Line speed and difference between line speed and 700 hPa orthogonal wind were different between classifiable and unclassifiable MCSs, being statistical significant (t-Student test, probability = 0.05 and degrees of freedom = 18). Line speed was greater for classifiable than unclassifiable systems (Table IV). In addition, 38% of the classifiable convective lines were moving at speeds greater than 7 m/s, the threshold suggested by Barnes and Sieckman (1984) to consider convective lines as squall lines, and similar to the percentage of squall lines found by Lemone et al. (1998) in COARE. Only those that moved faster than the 700 hPa environmental normal wind speed were classifiable as Keenan and Carbone (1992) found in Australia. Other differences, but not statistically significant, were midlevel wind shear direction, MCSs duration and low-level wind shear magnitude, which were larger for the classifiable systems than the unclassifiable ones. In contrast, midlevel normal wind speed (700 hPa) was smaller for the classifiable systems than the unclassifiable ones.
For classifiable systems, line speed had good correlation (0.64) with 700 hPa zonal wind, indicating that strong easterlies winds implied faster lines, as was also found by Farfán and Zehnder (1994) in this region. On the other hand, we did not find correlations between line speed and thermodynamics parameters, like CAPE or CIN, similar to Alexander and Young (1992) and Lemone et al. (1998), indicating the importance of kinematic parameters on line speed instead of thermodynamics ones. Nevertheless, there were good correlations between MCS direction of motion and precipitable water (0.73) and line orientation (0.71), indicating that southwestward moving MCS found more moisture and had their orientation parallel to the SMO. Therefore, these mountains have a huge influence on MCS genesis and development as was also suggested by Nesbitt et al (2008) and Smith and Gall (1989). Most of the classifiable MCSs moved in the same direction of the low-level wind shear vector, except category 4C that moved with the midlevel wind shear vector and category 4B that moved in a direction between these two wind shear vectors (Tables III and IV).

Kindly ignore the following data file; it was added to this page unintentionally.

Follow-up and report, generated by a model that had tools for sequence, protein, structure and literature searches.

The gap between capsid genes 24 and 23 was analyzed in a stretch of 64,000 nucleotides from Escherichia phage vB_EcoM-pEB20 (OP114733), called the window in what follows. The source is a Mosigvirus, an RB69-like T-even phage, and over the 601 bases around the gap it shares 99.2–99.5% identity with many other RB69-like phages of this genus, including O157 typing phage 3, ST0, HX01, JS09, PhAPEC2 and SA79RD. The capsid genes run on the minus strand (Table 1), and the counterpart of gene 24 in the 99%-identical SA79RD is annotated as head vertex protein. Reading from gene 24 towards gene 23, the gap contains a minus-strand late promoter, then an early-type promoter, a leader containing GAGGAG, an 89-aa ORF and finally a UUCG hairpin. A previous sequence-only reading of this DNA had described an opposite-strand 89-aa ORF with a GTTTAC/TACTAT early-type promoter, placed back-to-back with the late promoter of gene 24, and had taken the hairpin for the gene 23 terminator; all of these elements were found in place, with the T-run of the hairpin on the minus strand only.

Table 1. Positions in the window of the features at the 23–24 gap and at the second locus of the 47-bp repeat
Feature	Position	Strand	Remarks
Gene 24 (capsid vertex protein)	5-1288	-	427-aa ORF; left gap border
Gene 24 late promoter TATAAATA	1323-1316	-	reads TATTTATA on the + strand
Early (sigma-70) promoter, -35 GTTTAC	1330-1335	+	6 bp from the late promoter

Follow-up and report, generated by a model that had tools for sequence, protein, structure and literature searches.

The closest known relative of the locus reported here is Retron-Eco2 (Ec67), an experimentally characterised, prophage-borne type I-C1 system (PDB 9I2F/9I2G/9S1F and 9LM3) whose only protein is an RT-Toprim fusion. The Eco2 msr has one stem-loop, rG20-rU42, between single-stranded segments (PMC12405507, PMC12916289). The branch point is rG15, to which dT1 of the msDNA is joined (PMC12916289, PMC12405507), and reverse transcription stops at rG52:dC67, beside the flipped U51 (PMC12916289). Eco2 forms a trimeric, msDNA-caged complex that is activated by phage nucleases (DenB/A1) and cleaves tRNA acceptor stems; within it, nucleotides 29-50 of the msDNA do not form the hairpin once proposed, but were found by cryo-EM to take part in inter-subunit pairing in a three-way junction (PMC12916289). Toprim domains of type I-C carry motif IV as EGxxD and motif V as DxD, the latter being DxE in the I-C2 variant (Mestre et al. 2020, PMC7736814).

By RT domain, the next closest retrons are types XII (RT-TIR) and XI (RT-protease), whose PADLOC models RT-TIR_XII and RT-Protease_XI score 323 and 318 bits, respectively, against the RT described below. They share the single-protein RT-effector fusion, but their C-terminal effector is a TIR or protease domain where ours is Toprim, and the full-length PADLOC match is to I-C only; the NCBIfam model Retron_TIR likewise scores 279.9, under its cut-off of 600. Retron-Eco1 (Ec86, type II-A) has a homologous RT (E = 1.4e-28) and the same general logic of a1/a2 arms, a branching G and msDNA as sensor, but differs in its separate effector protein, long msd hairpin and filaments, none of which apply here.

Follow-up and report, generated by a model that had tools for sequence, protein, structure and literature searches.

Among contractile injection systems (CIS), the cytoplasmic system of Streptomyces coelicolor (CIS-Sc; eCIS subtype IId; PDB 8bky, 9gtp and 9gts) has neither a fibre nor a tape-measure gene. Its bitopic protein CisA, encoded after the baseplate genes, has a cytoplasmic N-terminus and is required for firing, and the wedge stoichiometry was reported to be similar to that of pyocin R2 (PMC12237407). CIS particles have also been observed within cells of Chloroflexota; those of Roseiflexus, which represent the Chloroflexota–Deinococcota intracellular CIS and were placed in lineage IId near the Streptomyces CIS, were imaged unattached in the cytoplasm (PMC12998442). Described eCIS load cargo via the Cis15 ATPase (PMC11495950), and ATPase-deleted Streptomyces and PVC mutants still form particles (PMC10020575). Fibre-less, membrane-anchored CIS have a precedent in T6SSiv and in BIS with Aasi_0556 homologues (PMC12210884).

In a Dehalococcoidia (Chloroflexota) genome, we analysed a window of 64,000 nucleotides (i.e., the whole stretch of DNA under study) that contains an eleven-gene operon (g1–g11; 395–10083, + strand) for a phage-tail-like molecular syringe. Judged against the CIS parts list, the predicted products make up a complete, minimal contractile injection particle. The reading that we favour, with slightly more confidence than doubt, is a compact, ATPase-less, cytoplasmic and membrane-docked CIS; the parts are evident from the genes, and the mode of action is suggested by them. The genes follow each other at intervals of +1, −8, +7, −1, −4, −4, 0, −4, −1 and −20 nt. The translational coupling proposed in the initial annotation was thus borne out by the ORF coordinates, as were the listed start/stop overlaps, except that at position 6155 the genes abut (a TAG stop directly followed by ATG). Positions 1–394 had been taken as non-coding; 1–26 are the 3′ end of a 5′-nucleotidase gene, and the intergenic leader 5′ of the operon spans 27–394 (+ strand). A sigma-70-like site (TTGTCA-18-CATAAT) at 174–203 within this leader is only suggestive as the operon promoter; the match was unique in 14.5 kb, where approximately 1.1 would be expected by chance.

Most of analyzed MCSs were shear-parallel (69%), a slightly greater percentage than those found in SCSMEX (61%) by Johnson et al. (2005). That is probably due to the particular position of the midlevel shear with respect to the low-level shear in this region, which has great influence on line orientation according to Robe and Emmanuel (2001). In particular, when midlevel wind shear was large, the angle between midlevel and low-level shear was not favorable for the development of shear-perpendicular lines. Only when large wind shear was constrained to the lowest level, shear-perpendicular lines were possible, as was also noted by Smith and Gall (1989).